Who better to listen to about planning your marketing calendar than someone who literally sells organizational planners for a living?
Emily shared how she uses a concept called “batch planning” to organize projects and campaigns with her remote team of nine people.
“We decided to carve out two days twice a year to sit down and plan six months worth of content,” said Emily.
“We said, ‘Let’s sit down, look at our main calendar, and plan out every single email, every single social post, every single product launch, production need, marketing effort, text message—let’s plan out everything we can.’ Brene Brown tells her team to ‘paint it done’ and decide what you want something to look like when it’s completely finished—we try to do that for six months at a time,” said Emily.
Emily said these two days are like a marathon, but it helps set expectations with her team for the rest of the year.
“Everyone knows when their projects are due, what they have to get done, and it really works. And when the pandemic happened last year and everything got flipped on its head, we were so glad to have that in place because, suddenly, we had people who had to be out of work for different reasons, and it was really helpful. It’s something that’s become a cornerstone to how we do business,” said Emily.
"Everyone knows when their projects are due, what they have to get done, and it really works. And when the pandemic happened last year and everything got flipped on its head, we were so glad to have that in place..."
Emily Ley, founder, Simplified
4 | Take it one step at a time
Sometimes the hardest part of starting a business is deciding to actually do it. So what can you do if you’re trying to get started?
“Usually the reason we procrastinate is because we’ve got a big problem and it’s intractable. Nobody ever has a hard time putting their socks on because it’s such a simple task. But when you have big tasks, such as launching products or businesses, the problem feels more complicated,” said Andrew.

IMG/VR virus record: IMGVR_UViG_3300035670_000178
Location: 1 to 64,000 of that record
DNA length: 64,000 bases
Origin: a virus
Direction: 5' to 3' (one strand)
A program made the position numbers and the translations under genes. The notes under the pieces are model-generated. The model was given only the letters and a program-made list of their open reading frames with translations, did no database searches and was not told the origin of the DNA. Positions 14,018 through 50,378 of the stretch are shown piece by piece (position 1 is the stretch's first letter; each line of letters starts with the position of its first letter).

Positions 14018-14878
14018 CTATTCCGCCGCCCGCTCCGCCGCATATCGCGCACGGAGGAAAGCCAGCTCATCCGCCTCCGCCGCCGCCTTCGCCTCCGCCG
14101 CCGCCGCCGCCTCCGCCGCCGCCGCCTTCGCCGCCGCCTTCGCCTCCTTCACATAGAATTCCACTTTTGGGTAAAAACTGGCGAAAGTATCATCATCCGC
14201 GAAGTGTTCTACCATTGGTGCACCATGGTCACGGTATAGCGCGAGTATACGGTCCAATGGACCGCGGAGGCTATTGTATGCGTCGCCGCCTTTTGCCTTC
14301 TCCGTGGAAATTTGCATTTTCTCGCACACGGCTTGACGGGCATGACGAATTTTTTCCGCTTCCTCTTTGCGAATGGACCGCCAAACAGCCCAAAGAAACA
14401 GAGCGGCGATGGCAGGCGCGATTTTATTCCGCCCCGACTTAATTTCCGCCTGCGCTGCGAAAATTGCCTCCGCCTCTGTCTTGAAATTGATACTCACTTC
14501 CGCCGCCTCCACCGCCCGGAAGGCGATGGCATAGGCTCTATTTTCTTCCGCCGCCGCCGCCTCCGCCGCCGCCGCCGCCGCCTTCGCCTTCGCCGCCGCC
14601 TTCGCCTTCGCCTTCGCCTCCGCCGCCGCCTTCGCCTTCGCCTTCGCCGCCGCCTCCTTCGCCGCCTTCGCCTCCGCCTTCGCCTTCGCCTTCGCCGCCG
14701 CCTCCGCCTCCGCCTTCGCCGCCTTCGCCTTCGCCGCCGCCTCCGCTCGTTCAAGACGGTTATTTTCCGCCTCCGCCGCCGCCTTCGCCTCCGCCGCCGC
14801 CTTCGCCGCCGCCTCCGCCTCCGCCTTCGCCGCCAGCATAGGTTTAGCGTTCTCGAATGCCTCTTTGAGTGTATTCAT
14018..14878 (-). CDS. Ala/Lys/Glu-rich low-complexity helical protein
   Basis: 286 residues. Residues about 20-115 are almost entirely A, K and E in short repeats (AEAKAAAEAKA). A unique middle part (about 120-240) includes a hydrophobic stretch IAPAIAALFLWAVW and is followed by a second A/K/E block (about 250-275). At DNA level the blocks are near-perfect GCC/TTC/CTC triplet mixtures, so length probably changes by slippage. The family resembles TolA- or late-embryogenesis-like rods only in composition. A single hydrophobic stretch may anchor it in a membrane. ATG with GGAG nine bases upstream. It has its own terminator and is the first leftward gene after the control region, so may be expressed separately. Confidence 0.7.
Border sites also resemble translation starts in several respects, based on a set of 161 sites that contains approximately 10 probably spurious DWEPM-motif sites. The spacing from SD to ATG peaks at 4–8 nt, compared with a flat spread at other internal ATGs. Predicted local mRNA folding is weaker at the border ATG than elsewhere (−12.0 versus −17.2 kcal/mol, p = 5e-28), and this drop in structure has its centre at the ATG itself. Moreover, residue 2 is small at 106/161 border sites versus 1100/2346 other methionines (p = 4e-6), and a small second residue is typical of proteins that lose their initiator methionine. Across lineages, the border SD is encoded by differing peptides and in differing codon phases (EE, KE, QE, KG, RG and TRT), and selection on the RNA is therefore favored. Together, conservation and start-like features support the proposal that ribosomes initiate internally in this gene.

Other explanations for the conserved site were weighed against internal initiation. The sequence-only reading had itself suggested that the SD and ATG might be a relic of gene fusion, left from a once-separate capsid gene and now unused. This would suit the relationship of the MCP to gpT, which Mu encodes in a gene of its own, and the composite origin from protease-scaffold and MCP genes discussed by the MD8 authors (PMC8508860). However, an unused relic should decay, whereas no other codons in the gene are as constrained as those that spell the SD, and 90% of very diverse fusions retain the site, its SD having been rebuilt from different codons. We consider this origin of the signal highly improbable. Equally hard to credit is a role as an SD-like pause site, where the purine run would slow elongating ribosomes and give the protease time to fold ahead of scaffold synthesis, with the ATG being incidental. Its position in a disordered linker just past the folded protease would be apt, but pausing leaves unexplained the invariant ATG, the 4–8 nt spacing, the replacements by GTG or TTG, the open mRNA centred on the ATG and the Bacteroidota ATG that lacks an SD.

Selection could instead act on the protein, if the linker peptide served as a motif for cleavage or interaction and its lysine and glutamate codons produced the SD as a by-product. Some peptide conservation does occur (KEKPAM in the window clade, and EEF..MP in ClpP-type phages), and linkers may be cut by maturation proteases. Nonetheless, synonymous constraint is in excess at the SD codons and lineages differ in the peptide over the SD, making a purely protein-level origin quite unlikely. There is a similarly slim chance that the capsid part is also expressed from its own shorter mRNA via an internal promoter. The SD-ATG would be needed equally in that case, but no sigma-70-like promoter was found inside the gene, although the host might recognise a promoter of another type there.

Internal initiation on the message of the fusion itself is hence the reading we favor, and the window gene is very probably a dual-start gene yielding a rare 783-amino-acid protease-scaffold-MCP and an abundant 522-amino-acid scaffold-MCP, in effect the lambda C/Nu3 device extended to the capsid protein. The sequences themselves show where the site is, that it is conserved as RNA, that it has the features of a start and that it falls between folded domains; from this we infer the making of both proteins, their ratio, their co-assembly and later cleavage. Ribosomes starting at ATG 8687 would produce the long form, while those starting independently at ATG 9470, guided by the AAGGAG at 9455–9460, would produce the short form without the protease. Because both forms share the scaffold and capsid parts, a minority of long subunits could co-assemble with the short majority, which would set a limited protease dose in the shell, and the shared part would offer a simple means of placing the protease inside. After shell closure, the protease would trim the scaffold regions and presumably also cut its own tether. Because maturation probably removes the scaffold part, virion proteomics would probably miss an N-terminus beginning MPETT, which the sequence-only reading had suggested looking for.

According to Andrew, the best thing you can do is break every “to-do” into smaller, more manageable steps.
“I start by saying, ‘Okay, let’s take this big task and start to break it down into pieces, and just keep subdividing the problem.’ That helps a lot. Once you’ve got the master plan and you’ve broken that down into 50 to-do’s, then you’ve got digestible chunks,” said Andrew.
“Once you’ve got a list of tractable tasks, all of a sudden, now you’ve got some things you can do. And those are things you can check off bit-by-bit,” he added.
"Once you've got a list of tractable tasks, all of a sudden, now you've got some things you can do. And those are things you can check off bit-by-bit."
Andrew Bialecki, co-founder and CEO, Klaviyo
Barbara also shared a trick she employs with her to-do list to help her feel more productive and get herself in the right mindset.
“I usually make my to-do lists about an hour into the day, and I add two or three things I already did, so I can start the day by crossing off accomplishments—I ate breakfast, got out of bed, and walked to work. I can cross those off, and then I get to the rest of the steps. I feel like I had a head start. It’s kind of like cheating yourself to success, but it helps me out,” said Barbara.
5 | Find a way to differentiate your brand
How do you make your brand stand out when others are constantly vying for your customers’ attention?
Emily emphasized the importance of differentiating your brand from competitors and making your product stand out. For her, one of the major ways she does this is through her unboxing experience, which has helped her collect user-generated content (UGC) from customers who subsequently post pictures and videos of their own unboxing experiences on social media.
“It’s important to have amazing packaging because that’s your first introduction to the product itself, so we put a ton of time and research into producing really beautiful packaging. It’s not just about the product itself, but also the box that it comes in and the sticker we put on the outside of every single package. Those kinds of things, those unboxing videos on Instagram, are worth their weight in gold,” said Emily.
Barbara added that these unique moments you create with your brand can leave lasting impressions with customers.
“From my years sitting in the Shark Tank seat and seeing many people come in with packaging, I find it’s your first impression. It’s like how someone dresses or how they smile,” said Barbara.
"From my years sitting in the Shark Tank seat and seeing many people come in with packaging, I find it's your first impression. It's like how someone dresses or how they smile."
Barbara Corcoran, investor and founder, The Corcoran Group
Thanks for joining Klaviyo and Barbara Corcoran for Meet the Moguls on Clubhouse. If you missed past episodes with Pamela J. Booker, Chris Gronkowski, and Nikki Reed, check out the takeaways from this incredible lineup of ecommerce experts.